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Russia-Led Drills Begin on Afghanistan Border

Movement of tankers from a Russian base in Tajikistan to the border with Afghanistan. July 20, 2021 Video screen grab. Russian Defence Ministry / TASS

The Russian military's chief of staff arrived in Central Asia Thursday as Russia held military drills in two ex-Soviet countries bordering Afghanistan where Kabul is struggling to contain a ferocious Taliban offensive. 

Valery Gerasimov, chief of the Russian military's General Staff flew into Uzbekistan -- Central Asia's most populous country — to observe joint Russian-Uzbek military drills. Both armies also took part in separate exercises with neighboring Tajikistan on Thursday.

During a meeting with Uzbek counterpart Shukhrat Khalmukhamedov, Gerasimov said the drills took place amid a worsening situation in the region and "to practice actions to repel terrorist threats."

Gerasimov also said Moscow was increasing supplies of weapons to the region amid a deterioration in Afghanistan that he blamed on the "hasty" withdrawal of US-led forces.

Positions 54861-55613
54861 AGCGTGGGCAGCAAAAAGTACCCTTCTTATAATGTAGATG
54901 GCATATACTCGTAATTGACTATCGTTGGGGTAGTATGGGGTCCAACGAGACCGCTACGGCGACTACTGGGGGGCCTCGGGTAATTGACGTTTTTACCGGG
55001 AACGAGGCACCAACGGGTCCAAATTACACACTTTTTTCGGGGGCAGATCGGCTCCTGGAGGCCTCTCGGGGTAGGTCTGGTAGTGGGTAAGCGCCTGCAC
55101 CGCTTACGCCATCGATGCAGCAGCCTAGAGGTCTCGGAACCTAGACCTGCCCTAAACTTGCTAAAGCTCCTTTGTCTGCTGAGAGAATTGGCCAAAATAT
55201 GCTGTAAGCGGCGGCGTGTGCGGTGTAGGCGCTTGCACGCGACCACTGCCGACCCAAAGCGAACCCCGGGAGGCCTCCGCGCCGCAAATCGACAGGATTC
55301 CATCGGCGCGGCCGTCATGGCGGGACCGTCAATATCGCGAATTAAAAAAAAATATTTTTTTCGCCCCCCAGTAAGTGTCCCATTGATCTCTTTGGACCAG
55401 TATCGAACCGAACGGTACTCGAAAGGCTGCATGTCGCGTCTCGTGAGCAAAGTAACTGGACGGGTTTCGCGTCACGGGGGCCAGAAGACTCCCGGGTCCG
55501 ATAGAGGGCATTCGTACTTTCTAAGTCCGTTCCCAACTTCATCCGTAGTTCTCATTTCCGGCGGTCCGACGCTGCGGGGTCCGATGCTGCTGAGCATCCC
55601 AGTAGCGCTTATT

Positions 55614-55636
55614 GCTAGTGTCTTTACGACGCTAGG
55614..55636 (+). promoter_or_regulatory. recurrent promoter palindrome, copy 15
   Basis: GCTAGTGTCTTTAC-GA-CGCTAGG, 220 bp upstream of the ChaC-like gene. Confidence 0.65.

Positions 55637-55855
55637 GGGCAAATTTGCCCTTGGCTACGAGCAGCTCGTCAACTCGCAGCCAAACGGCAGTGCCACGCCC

"The main threat to the Central Asian region today comes from the Afghan direction," said Gerasimov, who was expected to meet with other top Uzbek officials, according to a Russian defense ministry statement. 

Moscow has positioned itself as a bulwark against potential spillover from Afghanistan into Central Asia, while casting a suspicious eye on military cooperation between the countries of the region and the United States. 

The joint exercises at the Kharb-Maidon training ground just 20 kilometers (12 miles) from the Tajik border with Afghanistan involve 2,500 troops from Russia, Tajikistan and Uzbekistan. 

A further 1,500 troops are involved in the drills that began at the end of last month at Uzbekistan's Termez training ground. 

Fighting in Afghanistan's long-running conflict began to intensify in May, when US and other foreign forces began the first stage of a withdrawal due to be completed later this month.

The Taliban already control large swathes of the countryside and are now challenging Afghan government forces in several large cities.

Uzbekistan, which maintains Central Asia's largest standing army, quit the Russia-led Collective Security Treaty Organisation (CSTO) military bloc for the second time in 2012. 

Tashkent has not rejoined the group that consists of six former Soviet states but has increased its bilateral military cooperation with Moscow under President Shavkat Mirziyoyev, who has been in power since 2016. 

Russia maintains major military bases in Central Asia's two poorest countries, Tajikistan and Kyrgyzstan.

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